hip-hop

Eklectic Methodz Jpoint Northern Orphanz Recordings www.northernorphanz.webs.com Rapper JPoint is building up a strong body of work - and not just in the music world. The Indigenous emcee runs his own record label, produces music for other artists and has a string of releases under his belt. But he is also competing above the belt - by entering his first body-building contest. For JPoint, it's been a transformation.
Verbal Diary Sneake1 www.facebook.com/Sneake1Music When George Sambo was about seven years old, he used a wad of crooked cash to shout all his mates sausage rolls. The Queensland schoolboy couldn't have known then that those fatty rolls would set him rolling on a path to making phat rolling beats. But that's what happened. "The first time I stole was when I was, like, Grade Four, Five, jumping in someone's window," he tells Green Left, fresh from stepping off stage at the Oxford Arts Factory in Sydney.
The Debut Recordings Volume 1 Native Ryme Native Ryme Entertainment Group November 2012 www.nativeryme.com When you're representing a culture that has lasted 60,000 years, it doesn't matter that your debut album has taken a mere 18. "We've always prided ourselves on coming from a culture that's been a song and dance culture for millennia, you know," says C-Roc, whose rap group, Native Ryme, are only just releasing an album a generation after he formed the band in 1994.
Pulling Strings Izzy n The Profit www.izzyntheprofit.com It’s midnight in midwest Sydney and Izzy n The Profit are whipping a crowd into a full-blown frenzy. The audience is tiny, but the rappers are leaping around the Rooty Hill RSL like they’re ripping the roof off a stadium.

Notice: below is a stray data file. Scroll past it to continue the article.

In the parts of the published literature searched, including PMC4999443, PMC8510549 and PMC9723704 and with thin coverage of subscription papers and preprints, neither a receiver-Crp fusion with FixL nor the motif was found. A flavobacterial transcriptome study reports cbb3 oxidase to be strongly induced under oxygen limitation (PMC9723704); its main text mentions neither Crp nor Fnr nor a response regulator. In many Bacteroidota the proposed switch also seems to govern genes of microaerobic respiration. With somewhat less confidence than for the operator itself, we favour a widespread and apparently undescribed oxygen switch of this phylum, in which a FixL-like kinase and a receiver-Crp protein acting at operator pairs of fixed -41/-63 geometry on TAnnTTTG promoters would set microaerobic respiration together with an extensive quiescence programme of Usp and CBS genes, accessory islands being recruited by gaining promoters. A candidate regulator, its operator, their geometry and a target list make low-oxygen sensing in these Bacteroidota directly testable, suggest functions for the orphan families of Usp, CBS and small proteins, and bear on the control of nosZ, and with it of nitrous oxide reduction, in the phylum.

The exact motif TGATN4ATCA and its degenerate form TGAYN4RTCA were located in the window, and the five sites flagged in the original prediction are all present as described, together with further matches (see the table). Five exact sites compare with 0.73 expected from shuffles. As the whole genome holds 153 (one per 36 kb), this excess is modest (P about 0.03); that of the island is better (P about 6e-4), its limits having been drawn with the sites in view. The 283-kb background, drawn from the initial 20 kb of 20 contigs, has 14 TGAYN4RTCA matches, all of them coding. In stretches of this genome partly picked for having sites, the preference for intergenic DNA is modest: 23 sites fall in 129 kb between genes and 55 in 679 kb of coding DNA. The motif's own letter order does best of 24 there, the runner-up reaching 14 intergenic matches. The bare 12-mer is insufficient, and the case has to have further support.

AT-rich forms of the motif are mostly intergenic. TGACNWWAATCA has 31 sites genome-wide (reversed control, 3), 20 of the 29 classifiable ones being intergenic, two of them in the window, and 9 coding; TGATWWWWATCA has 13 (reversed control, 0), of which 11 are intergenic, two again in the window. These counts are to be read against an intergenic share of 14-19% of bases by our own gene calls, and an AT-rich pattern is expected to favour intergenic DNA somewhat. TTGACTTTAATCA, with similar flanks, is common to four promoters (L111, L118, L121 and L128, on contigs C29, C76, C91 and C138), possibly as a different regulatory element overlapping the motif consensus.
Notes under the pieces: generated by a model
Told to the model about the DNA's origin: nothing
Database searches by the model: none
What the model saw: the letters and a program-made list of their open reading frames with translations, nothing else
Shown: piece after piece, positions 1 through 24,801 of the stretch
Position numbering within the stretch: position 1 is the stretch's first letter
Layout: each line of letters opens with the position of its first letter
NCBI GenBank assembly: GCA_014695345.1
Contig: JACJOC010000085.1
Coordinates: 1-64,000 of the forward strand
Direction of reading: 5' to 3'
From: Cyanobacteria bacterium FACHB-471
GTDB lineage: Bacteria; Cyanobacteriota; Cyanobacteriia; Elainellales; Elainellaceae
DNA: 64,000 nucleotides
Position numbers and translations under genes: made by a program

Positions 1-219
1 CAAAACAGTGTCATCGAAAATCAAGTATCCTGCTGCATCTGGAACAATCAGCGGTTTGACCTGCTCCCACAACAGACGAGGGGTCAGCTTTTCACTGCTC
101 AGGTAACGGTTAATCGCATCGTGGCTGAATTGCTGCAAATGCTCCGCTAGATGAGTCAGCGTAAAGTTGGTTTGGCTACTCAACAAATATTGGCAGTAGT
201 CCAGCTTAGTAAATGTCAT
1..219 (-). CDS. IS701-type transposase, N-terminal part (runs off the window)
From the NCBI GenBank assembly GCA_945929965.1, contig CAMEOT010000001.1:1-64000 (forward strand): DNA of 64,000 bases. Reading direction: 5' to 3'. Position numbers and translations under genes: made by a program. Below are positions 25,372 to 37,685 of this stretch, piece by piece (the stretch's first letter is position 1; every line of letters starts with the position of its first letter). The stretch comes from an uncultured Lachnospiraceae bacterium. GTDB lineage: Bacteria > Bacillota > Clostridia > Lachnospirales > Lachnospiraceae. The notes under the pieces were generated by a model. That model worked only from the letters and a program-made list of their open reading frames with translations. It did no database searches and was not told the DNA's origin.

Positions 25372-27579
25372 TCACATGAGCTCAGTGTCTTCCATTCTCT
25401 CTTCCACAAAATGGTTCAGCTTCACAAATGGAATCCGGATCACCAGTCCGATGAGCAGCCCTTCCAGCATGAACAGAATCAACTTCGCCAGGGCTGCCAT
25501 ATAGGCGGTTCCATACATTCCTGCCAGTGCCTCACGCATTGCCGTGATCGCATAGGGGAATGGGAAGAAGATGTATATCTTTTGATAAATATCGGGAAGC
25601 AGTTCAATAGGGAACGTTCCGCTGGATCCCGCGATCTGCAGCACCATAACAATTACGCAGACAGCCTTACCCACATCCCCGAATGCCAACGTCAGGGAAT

Eskape Reality Eskatology July 25, 2012 Bandcamp What's in a name? Everything, for Aboriginal rapper Eskatology. His music has his name written all over it. Eskatology, also known as 26-year-old South Australian Jonathan Stier, first came across the term "eschatology" through studying religion. "Religion does play a part in my life, and I was doing a bit of religious studying and came across this word and it intrigued me," he tells Green Left Weekly.
Forever Sky'high Sky'high Elefant Traks Released May 25, 2012 Stream the whole album at: www.skyhighforever.com Rapper Sky'high is a strong, Black woman surrounded by strong, Black women. "This is correct," she tells Green Left Weekly. "My family's full of strong, Black women." But when asked if there are any strong men in her family, she replies: "My father and brothers' father both passed away."
Sky'high Forever Sky'high Elefant Traks Released May 25, 2012 Stream the whole album at: http://www.skyhighforever.com/ Rapper Sky'high is a strong, Black woman surrounded by strong, Black women. "This is correct," she tells Green Left Weekly. "My family's full of strong, Black women." But when asked if there are any strong men in her family, she replies: "My father and brothers' father both passed away."
The hip-hop community in Arizona came together in a “Not In My Backyard” approach to protest the state’s new immigration law by remaking Public Enemy’s song, “By the Time I Get to Arizona.” A music video is soon to follow. Hip-hop artists Queen YoNasDa, DJ John Blaze, Tajji Sharp, Yung Face, Mr Miranda, Ocean, Da'aron Anthony, AtlLas, Chino D, Nyhtee, Pennywise, Rich Rico, and Da Beast express multicultural perspectives on a law they collectively consider to be racial profiling.

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